By Johna Till Johnson
It’s about 8:15 PM on a Friday night. We’re finally kicking back, at the end of yet another 60-hour workweek. It’s been intense, and we’re both looking forward to the weekend.
We’ve decided that I will get groceries. Vlad will prep and cook. But we’re switching from “94” (the apartment at 94th Street and 3rd Avenue) to “92” (the apartment at 92nd Street and Madison). We are both going over, but separately— Vlad to carry over some packages, and I to get the groceries.
I head out first.
As I walk down the gentle slope of 3rd Avenue, I notice something odd: police barricades. And not just barricades, but police—every few yards, there’s a police officer, or an empty squad car.
There are more as I turn up 96th Street and begin to go up the hill.
I pass a man smoking a cigar on his front stoop, eyes bright in his weathered dark skin. “What’s this all about?”
“President Obama is in town. It’s the exit to the FDR,” he says.
“Way up here?” I ask?
“He was over on the Upper West Side…” We exchange a glance. “Doing what?” I ask. He shrugs. “Upper-West-Sidey things, I guess,” I say. He smiles.
I continue up 96th Street.
I’m alert enough to notice the barricades, but too obtuse to realize that the density of police is increasing.
By the time I’ve reached my destination—the Gourmet Garage at 96th and Park—there are cops along all the streets, and flashing lights everywhere, with barricades lining the intersection and extending as far as the eye can see.
I stop at the southeastern corner of 96th and Park, confused. How am I going to get to the grocery store across the street?
This is ridiculous, I decide. I pick up one of the barricades, move it aside, and slip through. I’m just going to cut across 96th Street…
… a slim female cop appears in front of me. She’s about 5’ 3” and maybe 120 pounds, with all her gear.
“Sorry, ma’am, you can’t go through here,” she says.
“I’m going to the grocery store,“ I explain.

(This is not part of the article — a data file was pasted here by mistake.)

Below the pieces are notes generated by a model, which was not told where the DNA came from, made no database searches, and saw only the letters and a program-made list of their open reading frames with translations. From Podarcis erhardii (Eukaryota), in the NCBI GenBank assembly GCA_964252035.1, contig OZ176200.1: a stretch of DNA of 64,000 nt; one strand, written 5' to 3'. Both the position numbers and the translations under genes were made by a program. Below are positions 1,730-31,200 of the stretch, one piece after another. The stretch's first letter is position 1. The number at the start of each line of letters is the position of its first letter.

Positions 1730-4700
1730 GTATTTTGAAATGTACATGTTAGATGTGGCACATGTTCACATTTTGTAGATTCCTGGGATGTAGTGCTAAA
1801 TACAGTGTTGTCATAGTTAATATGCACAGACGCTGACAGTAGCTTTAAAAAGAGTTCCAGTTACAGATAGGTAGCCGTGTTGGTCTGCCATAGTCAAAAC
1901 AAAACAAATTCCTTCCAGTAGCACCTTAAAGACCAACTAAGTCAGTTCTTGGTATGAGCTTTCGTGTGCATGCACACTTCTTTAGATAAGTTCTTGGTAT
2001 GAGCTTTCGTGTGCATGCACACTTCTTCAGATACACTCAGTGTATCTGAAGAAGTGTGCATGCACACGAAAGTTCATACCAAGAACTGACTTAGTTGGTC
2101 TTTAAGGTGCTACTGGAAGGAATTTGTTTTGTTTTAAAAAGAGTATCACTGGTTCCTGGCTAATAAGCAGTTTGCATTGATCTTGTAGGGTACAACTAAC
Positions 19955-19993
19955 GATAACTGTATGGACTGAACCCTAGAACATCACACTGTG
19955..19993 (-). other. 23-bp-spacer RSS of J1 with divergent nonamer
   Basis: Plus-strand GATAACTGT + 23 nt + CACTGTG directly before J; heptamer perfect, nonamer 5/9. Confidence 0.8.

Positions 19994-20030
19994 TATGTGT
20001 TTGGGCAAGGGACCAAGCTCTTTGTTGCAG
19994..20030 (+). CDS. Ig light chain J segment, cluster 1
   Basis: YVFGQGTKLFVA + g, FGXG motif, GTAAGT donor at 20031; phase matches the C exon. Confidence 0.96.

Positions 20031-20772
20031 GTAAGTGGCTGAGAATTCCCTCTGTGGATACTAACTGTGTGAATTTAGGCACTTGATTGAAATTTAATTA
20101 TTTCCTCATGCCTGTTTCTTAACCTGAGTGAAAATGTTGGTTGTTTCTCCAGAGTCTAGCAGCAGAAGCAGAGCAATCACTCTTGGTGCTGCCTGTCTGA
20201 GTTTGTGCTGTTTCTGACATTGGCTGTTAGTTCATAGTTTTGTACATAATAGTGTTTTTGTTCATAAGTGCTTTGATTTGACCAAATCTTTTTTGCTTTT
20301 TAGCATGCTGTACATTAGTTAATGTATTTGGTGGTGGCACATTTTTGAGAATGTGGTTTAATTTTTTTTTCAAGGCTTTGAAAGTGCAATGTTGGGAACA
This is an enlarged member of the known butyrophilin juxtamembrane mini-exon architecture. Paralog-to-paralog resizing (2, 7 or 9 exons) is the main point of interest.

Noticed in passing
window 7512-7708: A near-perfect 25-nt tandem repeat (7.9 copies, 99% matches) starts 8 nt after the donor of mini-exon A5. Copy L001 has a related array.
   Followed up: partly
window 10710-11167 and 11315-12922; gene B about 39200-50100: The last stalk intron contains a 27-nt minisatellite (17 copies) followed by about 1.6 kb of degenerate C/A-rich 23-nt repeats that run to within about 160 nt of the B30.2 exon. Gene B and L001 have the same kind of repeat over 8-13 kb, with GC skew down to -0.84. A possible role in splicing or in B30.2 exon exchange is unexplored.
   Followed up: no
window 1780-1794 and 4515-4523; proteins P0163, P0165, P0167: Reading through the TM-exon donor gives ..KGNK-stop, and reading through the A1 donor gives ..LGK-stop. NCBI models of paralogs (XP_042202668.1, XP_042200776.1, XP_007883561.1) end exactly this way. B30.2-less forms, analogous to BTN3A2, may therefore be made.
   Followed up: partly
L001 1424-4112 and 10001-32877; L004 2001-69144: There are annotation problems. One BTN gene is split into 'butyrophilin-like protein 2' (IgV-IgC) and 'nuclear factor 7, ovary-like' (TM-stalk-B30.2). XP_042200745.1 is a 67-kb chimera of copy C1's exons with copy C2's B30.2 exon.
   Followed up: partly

“No, ma’am, you aren’t going through here,” she says again, somewhat more forcefully. She steps in front of me, blocking my path.
“But the store closes at 9,” I say somewhat frantically. “I have to go through.”
Her eyes narrow. Large brown eyes, with eyeliner.
I look at her more closely, weighing the prospect of a confrontation. I’m tired and hungry. It’s been a long week. She’s standing between me and the grocery store. But she’s not very big…
Then I look up.
Dozens of eyes are fixed on me, dozens of uniformed bodies in a state of nervous tension.
Suddenly my perspective shifts. It’s late on a Friday evening. Nobody wants trouble. The one thing all of us want is the peaceful start of a peaceful weekend.
I step back, and the officer closes the barricade. Unsure what do to, I start walking down Park Avenue, only to discover that 95th Street is also blocked off. I’m trapped.
There is a small crowd of civilians gathered on the corner, along with the police officers.
I put down my backpack and call Vlad. “I think we’ll need to order takeout tonight,” I say. “All the streets are closed. The President is in town. I can’t get to the grocery store.”
We discuss what to do. Vlad thinks it’s time to make contingency plans. I’m not so sure. Something in the weird state of tension tells me this will all be over soon.
Just then, I notice my backpack, which is leaning against one of the police barricades. At the same moment, one of the police officers sees it, and glances up at me.
He’s young, with close-cropped hair, and the same air of nervous tension that the female officer had.
He eyes the backpack warily. I can tell instantly what he’s thinking.
“It’s not black, “ I say. “See, it’s got little pink skulls on it.”
“Just keep it with you,” he says.
I pick it up and put it on my back.
Suddenly there’s action: Police motorcycles start down the hill on Park Avenue, with a satisfying roar and flashing lights. Half a dozen go by. A dozen.
“Are they ours?” I ask the cop.
It’s an odd question, and I realize what I’m asking is whether they’re NYPD: “Ours” meaning “New York”.
For a second he doesn’t answer, and I’m wondering why I even thought the question would make sense to him. Then he looks over at me and says, “Yes.”
After the motorcycles, a handful of black SUVs, and one white van. Then more motorcycles.
Then, with a suddenness that takes me by surprise, the cops are removing the barricades, and crowds of pedestrians begin crossing the street.
I look down at my watch: 8:43 PM. Plenty of time to get to the grocery store.
A few minutes later, shopping expedition complete, I’m coming back up the hill, shopping bag in hand.
I spot the young female cop who stopped me from crossing the street. I catch her eye, hold up my grocery bag, and smile. Her mouth remains unsmiling.
But her eyes crinkle.